Sony Open Continues To Lose Prestige With Crandon Park Renovation Plans Stymied
With plans stalled to renovate The Tennis Center at Crandon Park, the ATP/WTA Sony Open is left "looking much like an annual county fair in a world of increasingly upscale tennis theme parks that stretch from Shanghai to the California desert to the four Grand Slam venues," according to Christopher Clarey of the N.Y. TIMES. The tourney "does not get called 'the fifth Grand Slam' much anymore," but it "still draws lively crowds and great talent." Sony Open Founder and Int'l Tennis HOFer Butch Buchholz said, "We set the bar 15, 20 years ago and now the bar got moved again." Clarey wrote raising the bar for the venue means $50M "in privately funded investment," and building "more permanent secondary stadiums to complement the existing 20-year-old stadium court with its nearly 14,000 seats." It also means "more, much-needed practice courts along with extensive landscaping to trump the prevailing asphalt." Sony Open Tournament Dir Adam Barrett and IMG hope to "break ground before next year’s event, and they are in part to blame for the tournament’s drop in prestige because they have been so public about what it lacks" (N.Y. TIMES, 4/2).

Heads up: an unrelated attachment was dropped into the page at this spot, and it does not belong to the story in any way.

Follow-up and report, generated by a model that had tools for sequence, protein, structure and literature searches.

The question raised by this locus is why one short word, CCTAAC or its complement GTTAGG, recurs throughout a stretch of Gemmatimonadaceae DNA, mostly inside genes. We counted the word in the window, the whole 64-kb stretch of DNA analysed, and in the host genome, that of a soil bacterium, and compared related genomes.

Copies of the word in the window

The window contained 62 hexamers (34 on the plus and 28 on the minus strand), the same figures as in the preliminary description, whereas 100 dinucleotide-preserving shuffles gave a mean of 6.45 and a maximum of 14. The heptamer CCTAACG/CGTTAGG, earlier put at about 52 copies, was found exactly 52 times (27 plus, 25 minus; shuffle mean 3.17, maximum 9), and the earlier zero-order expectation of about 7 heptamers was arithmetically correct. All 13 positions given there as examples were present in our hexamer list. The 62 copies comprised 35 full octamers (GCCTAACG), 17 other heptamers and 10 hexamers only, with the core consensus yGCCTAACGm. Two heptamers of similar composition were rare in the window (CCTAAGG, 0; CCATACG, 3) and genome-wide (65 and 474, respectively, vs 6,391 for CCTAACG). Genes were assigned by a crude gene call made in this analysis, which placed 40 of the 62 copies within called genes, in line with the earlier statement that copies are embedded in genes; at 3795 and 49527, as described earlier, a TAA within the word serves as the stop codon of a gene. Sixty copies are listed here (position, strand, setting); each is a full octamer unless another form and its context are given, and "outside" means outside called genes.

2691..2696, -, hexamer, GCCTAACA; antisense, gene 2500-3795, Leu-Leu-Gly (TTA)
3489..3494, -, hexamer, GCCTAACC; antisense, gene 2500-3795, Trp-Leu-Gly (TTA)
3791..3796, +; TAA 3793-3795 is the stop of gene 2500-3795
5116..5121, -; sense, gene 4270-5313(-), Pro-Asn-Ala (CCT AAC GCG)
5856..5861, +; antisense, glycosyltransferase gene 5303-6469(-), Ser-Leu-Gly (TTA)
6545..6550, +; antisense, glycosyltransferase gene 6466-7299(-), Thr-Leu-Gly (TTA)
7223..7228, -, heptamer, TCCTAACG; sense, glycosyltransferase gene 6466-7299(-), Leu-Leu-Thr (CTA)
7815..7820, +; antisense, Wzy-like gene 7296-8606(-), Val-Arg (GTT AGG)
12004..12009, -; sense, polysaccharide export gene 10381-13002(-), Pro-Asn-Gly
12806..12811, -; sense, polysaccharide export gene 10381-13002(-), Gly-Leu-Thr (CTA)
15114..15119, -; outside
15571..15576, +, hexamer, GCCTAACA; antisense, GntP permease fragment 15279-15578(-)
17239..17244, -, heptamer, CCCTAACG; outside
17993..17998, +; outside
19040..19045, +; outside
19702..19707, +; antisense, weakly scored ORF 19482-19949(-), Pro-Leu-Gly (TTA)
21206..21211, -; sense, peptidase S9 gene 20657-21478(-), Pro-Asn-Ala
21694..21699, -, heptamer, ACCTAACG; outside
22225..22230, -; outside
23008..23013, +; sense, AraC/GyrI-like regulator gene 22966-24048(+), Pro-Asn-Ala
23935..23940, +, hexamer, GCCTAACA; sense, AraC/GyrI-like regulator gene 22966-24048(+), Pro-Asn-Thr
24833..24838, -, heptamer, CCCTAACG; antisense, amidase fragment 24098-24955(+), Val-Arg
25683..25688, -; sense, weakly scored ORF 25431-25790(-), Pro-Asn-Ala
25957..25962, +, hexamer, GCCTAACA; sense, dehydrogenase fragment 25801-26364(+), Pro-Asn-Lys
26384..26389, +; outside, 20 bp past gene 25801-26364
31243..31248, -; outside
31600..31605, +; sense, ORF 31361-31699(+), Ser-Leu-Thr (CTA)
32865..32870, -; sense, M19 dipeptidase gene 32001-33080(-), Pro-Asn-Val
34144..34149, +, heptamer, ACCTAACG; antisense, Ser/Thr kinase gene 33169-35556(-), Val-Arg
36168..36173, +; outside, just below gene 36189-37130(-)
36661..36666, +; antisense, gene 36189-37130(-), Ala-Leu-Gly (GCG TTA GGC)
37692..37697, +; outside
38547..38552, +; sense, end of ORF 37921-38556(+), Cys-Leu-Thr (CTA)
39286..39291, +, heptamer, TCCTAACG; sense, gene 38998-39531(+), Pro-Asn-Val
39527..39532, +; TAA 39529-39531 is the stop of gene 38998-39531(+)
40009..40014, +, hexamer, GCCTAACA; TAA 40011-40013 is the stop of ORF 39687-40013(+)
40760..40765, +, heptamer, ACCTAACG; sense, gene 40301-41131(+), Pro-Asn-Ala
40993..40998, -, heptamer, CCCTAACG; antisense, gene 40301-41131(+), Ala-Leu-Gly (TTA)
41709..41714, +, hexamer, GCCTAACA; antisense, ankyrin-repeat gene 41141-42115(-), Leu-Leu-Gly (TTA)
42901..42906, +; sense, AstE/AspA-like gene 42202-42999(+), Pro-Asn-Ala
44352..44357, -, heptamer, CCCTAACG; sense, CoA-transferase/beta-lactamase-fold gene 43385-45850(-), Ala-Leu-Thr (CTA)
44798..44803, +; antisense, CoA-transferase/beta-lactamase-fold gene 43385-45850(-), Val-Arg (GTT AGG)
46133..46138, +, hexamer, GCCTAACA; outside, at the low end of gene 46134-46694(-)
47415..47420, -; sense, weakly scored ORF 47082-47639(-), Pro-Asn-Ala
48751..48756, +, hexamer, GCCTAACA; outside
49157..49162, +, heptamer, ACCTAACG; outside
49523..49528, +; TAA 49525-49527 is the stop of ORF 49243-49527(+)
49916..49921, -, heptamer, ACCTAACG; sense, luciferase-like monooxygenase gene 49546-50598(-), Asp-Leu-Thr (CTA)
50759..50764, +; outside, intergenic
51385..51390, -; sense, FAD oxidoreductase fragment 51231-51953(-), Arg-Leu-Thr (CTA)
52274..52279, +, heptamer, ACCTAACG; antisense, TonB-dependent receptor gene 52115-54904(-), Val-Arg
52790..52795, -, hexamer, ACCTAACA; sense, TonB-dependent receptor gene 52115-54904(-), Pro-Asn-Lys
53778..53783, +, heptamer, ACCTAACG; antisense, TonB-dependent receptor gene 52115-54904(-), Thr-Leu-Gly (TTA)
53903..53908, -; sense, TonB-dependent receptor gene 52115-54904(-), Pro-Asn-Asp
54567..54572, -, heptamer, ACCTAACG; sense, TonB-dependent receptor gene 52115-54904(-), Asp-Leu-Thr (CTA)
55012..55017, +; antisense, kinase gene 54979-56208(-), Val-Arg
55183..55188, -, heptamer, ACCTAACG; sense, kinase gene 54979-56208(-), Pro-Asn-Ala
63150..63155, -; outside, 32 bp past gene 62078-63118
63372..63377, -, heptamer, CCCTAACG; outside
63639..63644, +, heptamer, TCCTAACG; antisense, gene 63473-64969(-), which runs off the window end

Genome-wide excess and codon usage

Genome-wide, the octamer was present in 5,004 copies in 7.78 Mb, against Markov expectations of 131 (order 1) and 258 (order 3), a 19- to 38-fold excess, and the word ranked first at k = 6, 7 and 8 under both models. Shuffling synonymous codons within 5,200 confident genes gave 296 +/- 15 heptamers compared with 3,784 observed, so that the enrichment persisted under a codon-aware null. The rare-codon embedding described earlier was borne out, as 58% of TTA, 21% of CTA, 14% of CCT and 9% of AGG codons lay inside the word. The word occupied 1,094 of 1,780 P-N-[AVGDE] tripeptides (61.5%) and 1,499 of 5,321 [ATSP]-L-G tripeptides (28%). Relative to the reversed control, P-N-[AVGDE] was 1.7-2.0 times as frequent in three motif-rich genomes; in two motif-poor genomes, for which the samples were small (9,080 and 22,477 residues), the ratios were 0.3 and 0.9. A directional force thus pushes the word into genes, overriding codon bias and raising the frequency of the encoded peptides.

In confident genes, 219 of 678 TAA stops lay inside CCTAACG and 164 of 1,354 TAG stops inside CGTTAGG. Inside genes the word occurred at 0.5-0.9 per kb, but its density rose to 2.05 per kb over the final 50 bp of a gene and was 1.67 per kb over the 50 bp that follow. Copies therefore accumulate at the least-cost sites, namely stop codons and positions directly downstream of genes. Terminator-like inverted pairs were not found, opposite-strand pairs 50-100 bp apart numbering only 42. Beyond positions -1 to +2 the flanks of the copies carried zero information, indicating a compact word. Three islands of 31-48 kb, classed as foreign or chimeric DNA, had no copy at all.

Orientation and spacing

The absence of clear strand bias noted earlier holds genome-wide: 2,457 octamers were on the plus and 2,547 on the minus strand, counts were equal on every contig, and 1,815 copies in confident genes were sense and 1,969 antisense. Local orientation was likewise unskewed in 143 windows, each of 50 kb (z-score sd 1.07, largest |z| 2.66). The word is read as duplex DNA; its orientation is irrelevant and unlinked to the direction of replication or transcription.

DOING THE CHARLESTON: ESPN.com's Ed McGrogan wrote Crandon Park "is not Indian Wells," and the Sony Open "shouldn't look towards the Coachella Valley for inspiration." The tourney needs to "differentiate from Indian Wells, not imitate it." However, it should "look to imitate a different American tournament in one significant way." The Family Circle Cup in Charleston, now in its 42nd year, has been "an unqualified success story at a time when tournaments are leaving the United States in droves" (ESPN.com, 4/2). Meanwhile, in Charleston, Tommy Braswell notes attendance numbers this week "climbed slightly through four days of the Family Circle Cup with the total through five sessions at 31,629, an average of 6,326." Last year's "total through four days" was 31,499. To "equal the FCC record of 95,767 (set over 14 sessions in 2010), the tournament must average 7,367 fans over 13 sessions" (Charleston POST & COURIER, 4/3).